Emerging markets offer new opportunities as low- to negative interest rates spread across the developed world.
ast summer, a large German conglomerate made an unusual move when it issued €1.5 billion in two-year and five-year bonds. It wasn’t the bonds themselves that were so eye-catching, however. Rather, it was the rates of return offered (negative 0.315% for the two-year bonds and negative 0.207% for the five-year bonds). Roughly translated, the below-zero yields meant that investors who purchased the bonds were paying to lend money to the conglomerate.1
Offering negative-yielding bonds (at nominal interest rates; i.e., rates before inflation) would seem to defy financial logic. In fact, it is a historic rarity. But since 2015, the trend has been spreading, reaching Japan and various European nations.2 If the negative rates extend into other major global economies, investors may want to turn toward emerging markets in the pursuit of positive returns.
Why Are Countries so “Negative” About Their Rates?
In 2008, central banks around the globe slashed policy interest rates to lower levels to encourage growth in consumer spending and corporate investment.3 Lower policy interest rates typically result in a reduction of nominal interest rates.4 Low policy interest rates also help improve a trade balance with weaker currencies. Despite these measures, the results have come up short as we currently still have an underperforming global economy.
To stimulate their respective economies, several central banks are lowering their policy interest rates even further — in some instances to negative rates. By doing this, the central banks hope to encourage local banks to lend cash out instead of depositing it back in central banks. Additionally, central banks believe that lowering rates to negative levels will encourage corporations to invest in projects that will stimulate employment and demand instead of hoarding cash.
Central banks are unlikely to raise policy interest rates in the near future because of their policy objectives and macroeconomic trends. Those include:
- Existing large fiscal deficits – This leaves little room for fiscal stimulus and places more pressure on monetary policy.
- Rapidly aging global population – Older populations are more risk-adverse and thus demand more fixed-income instruments.
- Fear of a recession – This increases the likelihood of further rate cuts which, in turn, increases the demand for fixed-income instruments.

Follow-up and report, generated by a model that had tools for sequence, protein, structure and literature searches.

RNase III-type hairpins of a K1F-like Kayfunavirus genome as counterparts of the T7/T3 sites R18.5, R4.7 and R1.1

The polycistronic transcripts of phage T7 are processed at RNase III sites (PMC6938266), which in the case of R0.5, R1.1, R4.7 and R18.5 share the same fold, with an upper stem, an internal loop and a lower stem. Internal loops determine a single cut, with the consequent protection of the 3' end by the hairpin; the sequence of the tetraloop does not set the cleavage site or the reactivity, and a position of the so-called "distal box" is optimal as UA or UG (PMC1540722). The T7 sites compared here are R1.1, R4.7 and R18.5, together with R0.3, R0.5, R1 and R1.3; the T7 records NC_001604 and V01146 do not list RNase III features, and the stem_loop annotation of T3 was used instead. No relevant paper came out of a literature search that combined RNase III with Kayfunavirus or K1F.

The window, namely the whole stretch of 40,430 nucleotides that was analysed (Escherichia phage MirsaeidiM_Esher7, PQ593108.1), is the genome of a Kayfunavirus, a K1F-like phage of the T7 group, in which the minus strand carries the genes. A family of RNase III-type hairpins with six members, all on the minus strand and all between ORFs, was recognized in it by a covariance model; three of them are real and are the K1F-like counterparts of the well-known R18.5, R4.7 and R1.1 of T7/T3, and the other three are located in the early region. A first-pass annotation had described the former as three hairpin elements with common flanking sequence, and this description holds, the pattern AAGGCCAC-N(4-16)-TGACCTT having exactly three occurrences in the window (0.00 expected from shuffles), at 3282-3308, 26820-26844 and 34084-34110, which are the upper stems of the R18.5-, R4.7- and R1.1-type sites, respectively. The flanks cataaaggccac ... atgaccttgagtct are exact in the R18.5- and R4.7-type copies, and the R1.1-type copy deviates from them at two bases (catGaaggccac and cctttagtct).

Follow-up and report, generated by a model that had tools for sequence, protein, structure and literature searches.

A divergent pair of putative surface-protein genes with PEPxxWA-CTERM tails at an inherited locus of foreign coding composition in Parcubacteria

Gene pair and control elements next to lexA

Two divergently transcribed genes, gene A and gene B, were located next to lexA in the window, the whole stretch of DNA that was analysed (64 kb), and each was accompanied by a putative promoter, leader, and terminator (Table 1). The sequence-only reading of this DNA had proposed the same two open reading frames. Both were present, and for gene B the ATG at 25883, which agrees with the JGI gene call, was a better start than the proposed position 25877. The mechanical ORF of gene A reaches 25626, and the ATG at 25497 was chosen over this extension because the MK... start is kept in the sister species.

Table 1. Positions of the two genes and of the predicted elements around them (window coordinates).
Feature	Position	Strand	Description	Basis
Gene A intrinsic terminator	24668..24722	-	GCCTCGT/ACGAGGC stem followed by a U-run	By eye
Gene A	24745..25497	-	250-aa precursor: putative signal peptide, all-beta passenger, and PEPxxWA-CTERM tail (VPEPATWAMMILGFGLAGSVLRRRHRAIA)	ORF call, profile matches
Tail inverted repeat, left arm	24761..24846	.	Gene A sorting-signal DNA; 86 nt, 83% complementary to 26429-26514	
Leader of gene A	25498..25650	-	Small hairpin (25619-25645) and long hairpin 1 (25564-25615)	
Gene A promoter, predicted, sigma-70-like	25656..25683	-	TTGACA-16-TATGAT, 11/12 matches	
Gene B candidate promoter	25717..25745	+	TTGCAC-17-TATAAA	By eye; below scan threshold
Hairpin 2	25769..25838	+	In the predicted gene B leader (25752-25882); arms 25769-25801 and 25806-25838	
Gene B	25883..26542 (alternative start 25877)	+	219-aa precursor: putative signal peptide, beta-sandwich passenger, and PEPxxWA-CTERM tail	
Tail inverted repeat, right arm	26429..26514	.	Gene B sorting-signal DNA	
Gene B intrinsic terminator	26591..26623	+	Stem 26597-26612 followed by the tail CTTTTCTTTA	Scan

- Technological developments – This reduces expectations for inflation in the future.
For some advanced economies, long-term government bonds and some corporate debt are trading at negative yields. Germany’s entire yield curve is below zero, meaning that an investor buying a 30-year government bond who holds it until maturity stands to lose money on the investment.
On the other hand, there is an advantage in buying long-term bonds that remunerate negative rates if one expects rates to drop further.
Negative Rates on the Horizon for the United States?
Globally, debt in excess of USD$17 trillion is currently traded at negative yields, and 30% of all investment-grade securities are traded with subzero yields to maturity, according to Bloomberg. Japanese and European economies account for 94% of the total negative yielding debt, as shown in the chart that follows.5
While the U.S. currently represents a fraction of global negative-yielding debt, this could change in the short term. According to Deutsche Bank, the hunt for positive returns has pushed European and Japanese investors toward debt issued by the U.S. Treasury and corporations, boosting the gains for holders of long-term bonds. Consequently, as U.S. Treasury yields have significantly declined, the U.S. dollar has appreciated against the average of all currencies.
What’s in It for investors?
Investors seeking higher yields will continue to focus on the U.S. market. These investors are expected to explore emerging markets that have positive real interest rates and attractive economic prospects. An uptick in demand for emerging-markets bonds should reduce the overall cost of capital in these emerging economies and make investments in projects once considered unviable more attractive.
While the global impact from negative rates is still unclear, emerging markets are expected to see an inflow of investments from private equity, family offices and investors in general as the global hunt for yield intensifies.
1. This is true for an investor buying these bonds and holding them to maturity, as interim investors can still make money if interest rates become more negative (which can happen if the yield curve is upward sloping).
2. Although Japan has had zero rates for almost 20 years, it was only recently that the rates went into negative territory.
3. The policy interest rate refers to the overnight interest rate that a central bank charges on deposits and loans from commercial banks. In the U.S., this rate is called federal funds rate. In Brazil, the rate is called SELIC rate.
4. A lowering of policy interest rates does not always result in an equivalent lowering of nominal interest rates because demand and supply factors also play an important role in setting of nominal interest rates observed in the market place.
5. https://www.bloomberg.com/graphics/negative-yield-bonds/ adapted by FTI.